Pax­ton not pre­pared to in­ves­ti­gate al­leged nonci­t­i­zen voter list

Houston Chronicle - - NEWSMAKERS - By Jeremy Wal­lace

At­tor­ney Gen­eral Ken Pax­ton now says he is not pre­pared to in­ves­ti­gate the 58,000 po­ten­tial nonci­t­i­zen vot­ers that the sec­re­tary of state has flagged.

In a let­ter to a key state sen­a­tor, Pax­ton said he does not have enough staff to di­vert from other tasks to in­ves­ti­gate each voter. The Texas sec­re­tary of state, David Whit­ley, sent his of­fice the list two weeks ago, when it no­ti­fied coun­ties of a to­tal of 95,000 sus­pected nonci­t­i­zens reg­is­tered to vote, 58,000 of whom have cast a bal­lot in an elec­tion. It is a felony for a nonci­t­i­zen to vote in Texas.

Pax­ton said he will wait to see what county voter reg­is­trars dis­cover as they an­a­lyze the data. Al­ready, county elec­tions of­fi­cials have dis­cov­ered that more than 20,000 vot­ers on the state’s purge list are in fact cit­i­zens and el­i­gi­ble to vote.

“Sim­ply put, even uti­liz­ing ev­ery re­source we have, it would not be pos­si­ble to in­ves­ti­gate tens of thou­sands of SOS mat­ters be­fore the voter reg­is­trars should be able to com­plete their list main­te­nance ac­tiv­ity,” Pax­ton said in a let­ter to Sen. Dawn Buck­ing­ham, R-Lake­way.

Buck­ing­ham is the chair of the Se­nate Nom­i­na­tions Com­mit­tee, which is weigh­ing whether to con­firm Whit­ley as sec­re­tary of state. Gov. Greg Abbott ap­pointed Whit­ley in De­cem­ber, but he

must still be con­firmed by the Texas Se­nate to re­tain the job.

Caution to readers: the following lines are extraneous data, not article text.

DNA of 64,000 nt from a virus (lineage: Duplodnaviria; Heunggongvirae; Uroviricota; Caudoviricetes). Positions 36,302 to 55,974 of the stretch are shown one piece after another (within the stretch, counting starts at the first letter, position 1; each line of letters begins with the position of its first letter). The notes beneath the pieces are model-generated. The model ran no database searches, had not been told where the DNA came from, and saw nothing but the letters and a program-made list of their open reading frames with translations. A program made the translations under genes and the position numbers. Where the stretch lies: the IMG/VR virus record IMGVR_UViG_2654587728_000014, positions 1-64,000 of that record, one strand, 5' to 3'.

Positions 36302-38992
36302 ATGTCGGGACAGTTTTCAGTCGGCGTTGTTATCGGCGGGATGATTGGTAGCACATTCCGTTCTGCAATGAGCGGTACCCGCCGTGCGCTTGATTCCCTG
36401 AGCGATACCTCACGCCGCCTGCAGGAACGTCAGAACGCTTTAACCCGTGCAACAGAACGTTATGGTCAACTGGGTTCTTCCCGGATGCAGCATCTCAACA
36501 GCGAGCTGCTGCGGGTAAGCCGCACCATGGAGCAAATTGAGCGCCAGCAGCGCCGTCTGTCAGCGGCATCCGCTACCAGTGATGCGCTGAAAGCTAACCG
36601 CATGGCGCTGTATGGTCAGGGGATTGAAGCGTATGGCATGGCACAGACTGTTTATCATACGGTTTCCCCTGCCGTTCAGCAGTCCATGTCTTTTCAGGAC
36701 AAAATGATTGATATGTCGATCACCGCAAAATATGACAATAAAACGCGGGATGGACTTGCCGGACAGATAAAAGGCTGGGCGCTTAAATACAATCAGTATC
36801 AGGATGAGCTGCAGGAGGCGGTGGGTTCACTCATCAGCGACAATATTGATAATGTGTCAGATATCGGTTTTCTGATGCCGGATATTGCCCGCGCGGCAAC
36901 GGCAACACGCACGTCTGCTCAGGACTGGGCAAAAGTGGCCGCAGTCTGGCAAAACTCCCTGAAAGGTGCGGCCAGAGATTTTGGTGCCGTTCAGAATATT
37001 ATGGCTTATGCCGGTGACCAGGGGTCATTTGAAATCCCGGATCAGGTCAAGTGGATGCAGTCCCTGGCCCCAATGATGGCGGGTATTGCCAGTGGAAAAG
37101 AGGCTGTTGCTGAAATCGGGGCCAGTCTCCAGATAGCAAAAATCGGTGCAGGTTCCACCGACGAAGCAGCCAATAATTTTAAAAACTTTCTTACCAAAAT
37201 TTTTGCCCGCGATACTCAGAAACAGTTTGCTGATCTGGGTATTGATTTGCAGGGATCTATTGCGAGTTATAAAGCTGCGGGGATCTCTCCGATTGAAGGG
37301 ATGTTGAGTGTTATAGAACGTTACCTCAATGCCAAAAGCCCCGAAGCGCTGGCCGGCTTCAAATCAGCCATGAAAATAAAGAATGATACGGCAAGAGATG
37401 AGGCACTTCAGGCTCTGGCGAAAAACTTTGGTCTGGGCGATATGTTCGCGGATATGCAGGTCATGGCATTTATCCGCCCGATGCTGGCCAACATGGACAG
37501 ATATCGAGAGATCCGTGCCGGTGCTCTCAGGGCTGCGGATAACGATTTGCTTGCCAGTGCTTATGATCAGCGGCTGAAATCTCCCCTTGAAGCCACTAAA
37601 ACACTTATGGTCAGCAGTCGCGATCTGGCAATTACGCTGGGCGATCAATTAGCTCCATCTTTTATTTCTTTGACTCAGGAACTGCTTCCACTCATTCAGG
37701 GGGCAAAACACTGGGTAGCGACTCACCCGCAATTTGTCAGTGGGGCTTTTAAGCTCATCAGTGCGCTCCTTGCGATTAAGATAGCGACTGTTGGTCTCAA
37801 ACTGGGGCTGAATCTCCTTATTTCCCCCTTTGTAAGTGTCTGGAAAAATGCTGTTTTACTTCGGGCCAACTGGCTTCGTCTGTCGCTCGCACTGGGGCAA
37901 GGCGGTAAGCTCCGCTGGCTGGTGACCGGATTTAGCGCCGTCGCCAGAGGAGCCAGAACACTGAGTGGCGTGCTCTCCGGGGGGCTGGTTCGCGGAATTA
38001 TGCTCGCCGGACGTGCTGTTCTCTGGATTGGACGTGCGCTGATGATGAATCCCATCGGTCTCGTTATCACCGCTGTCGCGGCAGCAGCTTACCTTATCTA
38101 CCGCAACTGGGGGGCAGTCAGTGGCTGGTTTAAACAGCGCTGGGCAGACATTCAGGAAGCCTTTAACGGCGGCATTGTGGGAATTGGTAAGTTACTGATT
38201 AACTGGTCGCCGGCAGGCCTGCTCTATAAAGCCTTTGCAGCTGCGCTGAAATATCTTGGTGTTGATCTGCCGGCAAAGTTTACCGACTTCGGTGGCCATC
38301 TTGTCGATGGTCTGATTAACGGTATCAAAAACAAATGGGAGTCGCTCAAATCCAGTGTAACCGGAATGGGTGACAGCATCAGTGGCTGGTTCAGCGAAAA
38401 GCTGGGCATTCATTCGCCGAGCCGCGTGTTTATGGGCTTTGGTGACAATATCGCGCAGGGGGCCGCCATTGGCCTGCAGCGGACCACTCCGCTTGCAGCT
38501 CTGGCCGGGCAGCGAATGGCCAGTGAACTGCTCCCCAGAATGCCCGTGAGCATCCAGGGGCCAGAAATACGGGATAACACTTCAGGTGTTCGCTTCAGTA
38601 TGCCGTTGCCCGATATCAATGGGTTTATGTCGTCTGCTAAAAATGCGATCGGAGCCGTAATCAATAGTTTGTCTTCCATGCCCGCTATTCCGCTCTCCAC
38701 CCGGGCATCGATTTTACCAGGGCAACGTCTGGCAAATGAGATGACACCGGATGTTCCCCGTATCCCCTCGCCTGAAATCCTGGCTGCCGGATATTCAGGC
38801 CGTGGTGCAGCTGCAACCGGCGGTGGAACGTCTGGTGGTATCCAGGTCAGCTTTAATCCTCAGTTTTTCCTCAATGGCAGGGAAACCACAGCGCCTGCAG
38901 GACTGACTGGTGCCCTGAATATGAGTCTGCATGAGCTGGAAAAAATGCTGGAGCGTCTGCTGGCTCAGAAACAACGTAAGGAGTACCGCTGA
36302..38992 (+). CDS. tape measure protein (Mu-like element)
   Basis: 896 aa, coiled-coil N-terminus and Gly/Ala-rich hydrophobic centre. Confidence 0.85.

Whit­ley’s con­fir­ma­tion process be­gan Thurs­day when se­na­tors pep­pered him with ques­tions about the list of po­ten­tial nonci­t­i­zen vot­ers his of­fice had sent out and about all the names county of­fi­cials have found were wrongly on the list.

“I will read­ily level with you that we can al­ways im­prove the process,” Whit­ley told the se­na­tors. “But the data is what the data is. And we were con­fi­dent that that was the best data that we could get from DPS.”

On Jan. 25, Whit­ley put out a news re­lease say­ing the 95,000 vot­ers iden­ti­fied by his of­fice had pre­vi­ously sup­plied in­for­ma­tion to the Depart­ment of Pub­lic Safety that in­di­cated they were not cit­i­zens. At that time, Pax­ton an­nounced he “stood ready” to open a crim­i­nal in­ves­ti­ga­tion.

While nonci­t­i­zens can legally get a driver’s li­cense, they are in­el­i­gi­ble to vote. Whit­ley’s of­fice at the time said it was for­ward­ing the names of the 58,000 peo­ple on the list who had pre­vi­ously voted to the state’s at­tor­ney gen­eral.

On Thurs­day, se­na­tors asked Whit­ley to call on Pax­ton to hold off on in­ves­ti­gat­ing peo­ple un­til the lists have been bet­ter vet­ted by county of­fi­cials to as­sure le­gal cit­i­zens aren’t be­ing drawn into an in­ves­ti­ga­tion un­nec­es­sar­ily.

In his let­ter to Buck­ing­ham, Pax­ton said the sec­re­tary of state’s of­fice has asked him to re­frain from start­ing those in­ves­ti­ga­tions.

The ef­fort to pin­point vot­ers who are not U.S. cit­i­zens has brought praise from Repub­li­cans as high up as Pres­i­dent Don­ald Trump, who have called it part of the fight against voter fraud. But it also has re­sulted in law­suits from civil rights groups who say the anal­y­sis Whit­ley’s of­fice con­ducted is rid­dled with er­rors and dis­crim­i­nates against im­mi­grants. They say the purge is cal­cu­lated to dis­suade them from vot­ing.

Whit­ley’s of­fice has said it can’t com­ment on pend­ing lit­i­ga­tion.

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